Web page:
We consider a joint inventory-pricing problem in which buyers act strategically and bid for units of a firm's product over an infinite horizon. The number of bidders in each period as well as the individual bidders' valuations are random but stationary over time. There is a holding cost for inventory and a unit cost for ordering more stock from an outside supplier. Backordering is not allowed. The firm must decide how to conduct its auctions and how to replenish its stock over time to maximize its profits. We show that the optimal auction and replenishment policy for this problem is quite simple, consisting of running a standard first-price or second-price auction with a fixed reserve price in each period and following an orderup- to (basestock) policy for replenishing inventory at the end of each period. Moreover, the optimal basestock level can be easily computed. We then compare this optimal basestock, reserve-price-auction policy to a traditional basestock, list-price policy. We prove that in the limiting case of one buyer per period and in the limiting case of a large number of buyers per period and linear holding cost, list pricing is optimal. List pricing also becomes optimal as the holding cost tends to zero. Numerical comparisons confirm these theoretical results and show that auctions provide significant benefits when: (1) the number of buyers is moderate, (2) holding costs are high, or (3) there is high variability in the number of buyers per period.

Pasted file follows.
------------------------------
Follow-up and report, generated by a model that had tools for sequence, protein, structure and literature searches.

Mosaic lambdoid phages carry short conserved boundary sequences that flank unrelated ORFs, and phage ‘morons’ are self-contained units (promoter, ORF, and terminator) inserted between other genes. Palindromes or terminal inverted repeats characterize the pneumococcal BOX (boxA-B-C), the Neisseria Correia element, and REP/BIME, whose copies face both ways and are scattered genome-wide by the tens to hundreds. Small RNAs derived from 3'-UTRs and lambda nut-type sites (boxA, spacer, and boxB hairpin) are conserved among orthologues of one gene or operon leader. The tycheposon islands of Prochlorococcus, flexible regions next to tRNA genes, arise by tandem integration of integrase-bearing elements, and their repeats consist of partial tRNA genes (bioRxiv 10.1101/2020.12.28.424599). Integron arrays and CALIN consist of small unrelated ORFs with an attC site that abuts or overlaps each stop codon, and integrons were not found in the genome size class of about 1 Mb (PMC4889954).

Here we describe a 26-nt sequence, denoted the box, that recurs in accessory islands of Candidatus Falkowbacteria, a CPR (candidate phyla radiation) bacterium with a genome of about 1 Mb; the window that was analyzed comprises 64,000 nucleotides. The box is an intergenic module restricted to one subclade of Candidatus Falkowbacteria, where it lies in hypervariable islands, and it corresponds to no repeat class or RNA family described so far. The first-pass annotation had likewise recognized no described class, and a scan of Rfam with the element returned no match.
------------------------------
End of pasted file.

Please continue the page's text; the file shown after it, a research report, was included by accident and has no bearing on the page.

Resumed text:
van Ryzin, Garrett, and Gustavo Vulcano. "Optimal dynamic auctions for production and inventory systems." Operations Research 52, no. 3 (2004): 346-367.
Each author name for a Columbia Business School faculty member is linked to a faculty research page, which lists additional publications by that faculty member.
Each topic is linked to an index of publications on that topic.